Posted by: APO | 6 May 2008

Uganda / World Bank Approves US$200 million for Uganda’s Seventh Poverty Reduction Support Operation

World Bank Approves US$200 million for Uganda’s Seventh Poverty Reduction Support Operation


PRSC7 is the third and final annual budget support operation that supports the 3rd PEAP


WASHINGTON, May 6, 2008 – The World Bank Board of Executive Directors today approved an International Development Association (IDA) credit* of US$200 million to finance the seventh Poverty Reduction Support Operation (PRSC7) over financial years 2007/08 and 2008/09.


PRSC7 is the third and final annual budget support operation that supports Uganda’s third Poverty Eradication Action Plan (PEAP), which covers the period

2005 to 2008. PRSC7 was developed jointly with the Government of Uganda in close cooperation with other development partners, including the African Development Bank, Germany, Ireland, the Netherlands, Norway, Sweden, and the United Kingdom.


“The number of Ugandan households living in poverty has fallen significantly from 38 per cent in 2002 to 31.5 per cent today, which can be attributed to the steady progress in implementing the PEAP as well as the recovery of the prices of Uganda’s key exports. We expect PRSC7 to support the Government in delivering better services on the ground and creating a better environment for growth and further poverty reduction. This operation is, therefore, focusing on improving the capacity of the public sector to deliver services, building public infrastructure assets, improving accountability, and facilitating the growth of the private sector through better prioritization and stronger focus on results,” explained Young Chul Kim, Senior Country Economist for Uganda and Task Team Leader for the Operation.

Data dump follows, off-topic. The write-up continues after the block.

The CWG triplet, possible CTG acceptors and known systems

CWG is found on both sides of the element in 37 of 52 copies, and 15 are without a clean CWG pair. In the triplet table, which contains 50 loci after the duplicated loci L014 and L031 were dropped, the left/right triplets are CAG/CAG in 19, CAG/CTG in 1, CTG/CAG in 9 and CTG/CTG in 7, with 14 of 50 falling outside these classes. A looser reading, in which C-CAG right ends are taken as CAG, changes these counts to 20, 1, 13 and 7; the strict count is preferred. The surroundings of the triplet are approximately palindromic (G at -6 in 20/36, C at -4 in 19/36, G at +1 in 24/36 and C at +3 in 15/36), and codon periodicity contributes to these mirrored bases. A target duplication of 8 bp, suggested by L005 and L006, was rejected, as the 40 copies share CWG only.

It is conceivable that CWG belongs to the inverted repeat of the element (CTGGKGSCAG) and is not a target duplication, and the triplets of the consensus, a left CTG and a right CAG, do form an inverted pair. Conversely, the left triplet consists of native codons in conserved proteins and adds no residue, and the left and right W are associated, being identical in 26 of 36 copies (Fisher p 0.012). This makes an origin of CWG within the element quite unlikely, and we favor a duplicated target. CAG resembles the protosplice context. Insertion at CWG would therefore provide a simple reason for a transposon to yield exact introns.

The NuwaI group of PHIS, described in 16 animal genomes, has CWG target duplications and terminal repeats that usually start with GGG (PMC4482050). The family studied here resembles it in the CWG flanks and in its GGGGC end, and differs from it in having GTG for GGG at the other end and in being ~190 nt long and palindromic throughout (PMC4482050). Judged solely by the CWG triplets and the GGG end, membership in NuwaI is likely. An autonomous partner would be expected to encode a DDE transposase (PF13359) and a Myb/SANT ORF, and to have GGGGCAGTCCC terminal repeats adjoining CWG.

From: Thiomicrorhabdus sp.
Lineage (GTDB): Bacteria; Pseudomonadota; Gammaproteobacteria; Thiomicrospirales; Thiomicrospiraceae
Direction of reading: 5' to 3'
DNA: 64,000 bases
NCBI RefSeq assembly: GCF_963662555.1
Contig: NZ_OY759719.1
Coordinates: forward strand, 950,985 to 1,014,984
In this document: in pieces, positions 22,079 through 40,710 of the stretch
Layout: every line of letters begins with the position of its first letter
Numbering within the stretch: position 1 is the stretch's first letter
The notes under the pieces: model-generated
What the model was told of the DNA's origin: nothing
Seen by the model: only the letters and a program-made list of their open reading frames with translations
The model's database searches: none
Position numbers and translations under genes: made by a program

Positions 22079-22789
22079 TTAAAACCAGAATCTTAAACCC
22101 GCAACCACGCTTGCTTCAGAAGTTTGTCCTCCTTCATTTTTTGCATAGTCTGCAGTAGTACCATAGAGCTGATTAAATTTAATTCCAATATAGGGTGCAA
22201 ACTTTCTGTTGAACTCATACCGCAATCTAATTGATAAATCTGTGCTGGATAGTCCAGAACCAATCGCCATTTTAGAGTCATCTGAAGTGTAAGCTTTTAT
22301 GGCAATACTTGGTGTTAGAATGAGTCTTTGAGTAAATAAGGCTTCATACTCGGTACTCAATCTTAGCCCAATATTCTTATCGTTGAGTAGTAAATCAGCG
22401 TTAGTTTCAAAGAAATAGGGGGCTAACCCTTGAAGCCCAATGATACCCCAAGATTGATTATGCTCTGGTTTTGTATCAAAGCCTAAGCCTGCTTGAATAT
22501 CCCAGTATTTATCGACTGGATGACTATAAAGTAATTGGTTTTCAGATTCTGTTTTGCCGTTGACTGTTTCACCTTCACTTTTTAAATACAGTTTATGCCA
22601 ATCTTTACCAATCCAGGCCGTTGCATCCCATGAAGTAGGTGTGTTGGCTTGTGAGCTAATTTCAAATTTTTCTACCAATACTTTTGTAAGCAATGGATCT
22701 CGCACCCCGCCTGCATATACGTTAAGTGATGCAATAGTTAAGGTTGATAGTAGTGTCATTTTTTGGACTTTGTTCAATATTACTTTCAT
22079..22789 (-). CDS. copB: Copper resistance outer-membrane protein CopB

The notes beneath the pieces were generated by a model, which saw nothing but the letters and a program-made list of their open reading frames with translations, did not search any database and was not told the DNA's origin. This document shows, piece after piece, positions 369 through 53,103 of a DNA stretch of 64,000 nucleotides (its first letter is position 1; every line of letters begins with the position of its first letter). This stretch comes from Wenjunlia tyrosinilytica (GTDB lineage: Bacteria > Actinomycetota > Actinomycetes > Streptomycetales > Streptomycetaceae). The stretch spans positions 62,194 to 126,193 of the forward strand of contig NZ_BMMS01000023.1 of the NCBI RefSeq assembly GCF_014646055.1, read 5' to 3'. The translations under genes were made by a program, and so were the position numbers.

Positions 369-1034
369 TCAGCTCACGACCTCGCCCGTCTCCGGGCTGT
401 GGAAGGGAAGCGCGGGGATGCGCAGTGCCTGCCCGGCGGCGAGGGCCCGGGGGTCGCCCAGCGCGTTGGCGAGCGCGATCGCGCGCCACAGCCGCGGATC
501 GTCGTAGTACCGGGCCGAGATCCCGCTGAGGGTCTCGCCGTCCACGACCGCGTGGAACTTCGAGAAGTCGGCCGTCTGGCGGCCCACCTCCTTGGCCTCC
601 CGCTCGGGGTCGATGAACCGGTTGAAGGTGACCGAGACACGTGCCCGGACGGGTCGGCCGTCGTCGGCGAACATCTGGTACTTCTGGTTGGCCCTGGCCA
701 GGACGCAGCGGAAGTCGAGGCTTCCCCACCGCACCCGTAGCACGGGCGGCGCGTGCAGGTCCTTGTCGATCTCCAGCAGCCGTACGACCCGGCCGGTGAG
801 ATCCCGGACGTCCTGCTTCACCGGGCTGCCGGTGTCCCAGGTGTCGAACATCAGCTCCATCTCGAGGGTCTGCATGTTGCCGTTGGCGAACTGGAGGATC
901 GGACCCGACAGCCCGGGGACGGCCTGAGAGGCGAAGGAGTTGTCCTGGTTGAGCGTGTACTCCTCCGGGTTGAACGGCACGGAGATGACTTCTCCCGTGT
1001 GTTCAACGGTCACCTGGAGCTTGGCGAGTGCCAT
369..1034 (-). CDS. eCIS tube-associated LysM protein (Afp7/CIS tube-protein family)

The PRSC7 will support four of the five pillars of the third PEAP, and can be grouped broadly into four areas: reforms to enhance productivity and competitiveness (investment climate and rural development); effective delivery of social services (health, education, water sector programs, and decentralization); public sector management (budget execution, public financial management, procurement, and anti-corruption); and gender, infant and maternal mortality, and population growth.


The credit will supplement the Government’s own resources and funding from other budget support development partners. Spread over two Ugandan fiscal years

2007/08 and 2008/09, the $200 million marks a reduction in the annual volume of the Bank’s PRSC support compared with previous years. This reduction was a response to a mixed performance in implementing the PRSC7 undertakings, including the recurring overruns in public administration and defense expenditures. In areas experiencing delays in achieving the undertakings, the Ugandan authorities have reiterated their commitment to implement the outstanding actions early in the financial year 2008/09.


“The PRSC series will continue to be a key component of the Bank’s support for Uganda as spelled out in the Uganda Joint Assistance Strategy (UJAS). In implementing the previous PRSCs, Government maintained sound macroeconomic management in spite of the ongoing power crisis, exchange rate fluctuations caused by sizable short-term capital inflows, and large spending pressures on the budget. We hope, through this new credit, to see a stronger interest in orienting the budget process for clearer results that are tied to the resources being allocated,” said Kundhavi Kadiresan, World Bank Uganda Country Manager.


The Government of Uganda is currently preparing a 5-year National Development Plan, which will succeed the third PEAP, and continue addressing systematically the capacity constraints that stand in the way of faster and better results in many areas. The next multi-year PRSC series will be designed and presented to the Board once the core elements of the new PEAP are defined by Government.


*The credit is provided on standard International Development Association (IDA) terms, with a commitment fee of 0.5 percent, a service charge of 0.75 percent over a 40 year period of maturity which includes a 10-year grace period.



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